Rodney Coffey, Colonel

Rodney Coffey became the Law Enforcement Director for the Dept.of Fish and Wildlife in May of 2016. He came to Fish and Wildlife after retiring as the Menifee County Sheriff and the Past President of the Kentucky Sheriff's Association. Bringing with him over 20 years of law enforcement knowledge to the agency. He is also a veteran of the arms services with serving in the U.S. Navy. 

Colonel Coffey started his law enforcement career with the Morehead State University Police in 1994 after graduating the Police academy at Eastern KY University. He also holds a Bachelor Degree in Criminal Justice from PWU. In 1998 Rodney was elected at the age of 28 as one of the youngest sheriffs to be elected in the state of Kentucky. Then going on to serve for 16 years gaining law enforcement experience at many different levels. In 2003 he was named the Kentucky Sheriff of the year. In 2005 he was nominated and graduated from the National FBI Academy. Served on the states Private Investigator Board for 3 years. Served on the Center for Rural Development full board for 8 years. And served on the KY Sheriff's Association Board of Directors for 14 years and retiring as the President of the Association.

Rodney and his wife Elizabeth of 26 years lives on a family farm in Frenchburg, KY and they have two daughters, two son-in-laws, 4 grandchildren and are currently raising their 12 year old nephew Jimmy. They attend church at the Dayspring Assembly of God located in Frenchburg.

Colonel Coffey states that he is very blessed to have the opportunity to be part of the team and to be tasked with working with the Conservation Officers across the state to protect our natural resources and maintain a safe place on our lakes, rivers and streams for our families as well as a safe place for the thousands of visitors that come to Kentucky every year.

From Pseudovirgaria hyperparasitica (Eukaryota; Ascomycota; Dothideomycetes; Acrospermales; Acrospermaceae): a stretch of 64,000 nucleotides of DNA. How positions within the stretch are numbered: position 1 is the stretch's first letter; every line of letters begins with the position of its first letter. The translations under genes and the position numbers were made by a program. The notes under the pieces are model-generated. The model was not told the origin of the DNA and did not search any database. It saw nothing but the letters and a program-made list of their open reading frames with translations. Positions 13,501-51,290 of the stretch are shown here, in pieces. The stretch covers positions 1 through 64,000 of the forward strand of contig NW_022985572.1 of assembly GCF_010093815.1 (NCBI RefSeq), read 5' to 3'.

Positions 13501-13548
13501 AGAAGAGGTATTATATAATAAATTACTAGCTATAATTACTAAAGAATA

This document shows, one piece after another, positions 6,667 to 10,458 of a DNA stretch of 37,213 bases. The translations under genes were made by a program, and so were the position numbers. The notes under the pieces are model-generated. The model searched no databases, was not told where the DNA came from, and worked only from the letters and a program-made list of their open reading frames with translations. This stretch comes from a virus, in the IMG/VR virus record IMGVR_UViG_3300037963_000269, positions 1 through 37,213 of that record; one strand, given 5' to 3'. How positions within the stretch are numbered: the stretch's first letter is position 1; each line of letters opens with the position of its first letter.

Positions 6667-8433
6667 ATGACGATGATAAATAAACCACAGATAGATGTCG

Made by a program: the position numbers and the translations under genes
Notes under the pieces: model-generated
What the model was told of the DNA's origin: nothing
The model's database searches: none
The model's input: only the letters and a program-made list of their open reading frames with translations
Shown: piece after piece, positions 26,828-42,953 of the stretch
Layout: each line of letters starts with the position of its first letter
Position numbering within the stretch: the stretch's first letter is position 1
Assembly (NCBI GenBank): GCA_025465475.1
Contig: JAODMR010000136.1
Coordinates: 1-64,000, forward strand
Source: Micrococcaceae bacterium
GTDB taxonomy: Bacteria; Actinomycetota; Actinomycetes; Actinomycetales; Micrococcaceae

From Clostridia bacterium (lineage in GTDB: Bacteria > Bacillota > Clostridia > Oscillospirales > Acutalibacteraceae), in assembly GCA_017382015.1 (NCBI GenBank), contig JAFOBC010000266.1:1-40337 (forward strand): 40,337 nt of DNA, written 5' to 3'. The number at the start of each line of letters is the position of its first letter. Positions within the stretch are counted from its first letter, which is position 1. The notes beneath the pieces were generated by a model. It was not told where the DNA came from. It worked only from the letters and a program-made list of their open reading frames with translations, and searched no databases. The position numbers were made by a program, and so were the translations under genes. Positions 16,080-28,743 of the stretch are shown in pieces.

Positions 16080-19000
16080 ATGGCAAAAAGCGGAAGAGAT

Billye M. Haslett, Administrative Services Director

Billye M. Haslett had an extensive working relationship with Kentucky Fish and Wildlife long before she joined its executive staff. Billye worked closely with many Department staff while she served as the State Administrative Officer for USDA-NRCS (NRCS) and as the Blue Grass Army Depot (BGAD) Land Manager. She has coordinated cooperative agreements and program management between the two agencies for many years.

Billye started her federal career with NRCS, having served as a Soil Conservationist (SC) and District Conservationist (DC) in both Kentucky and Virginia locations. Billye retired from NRCS in 2010.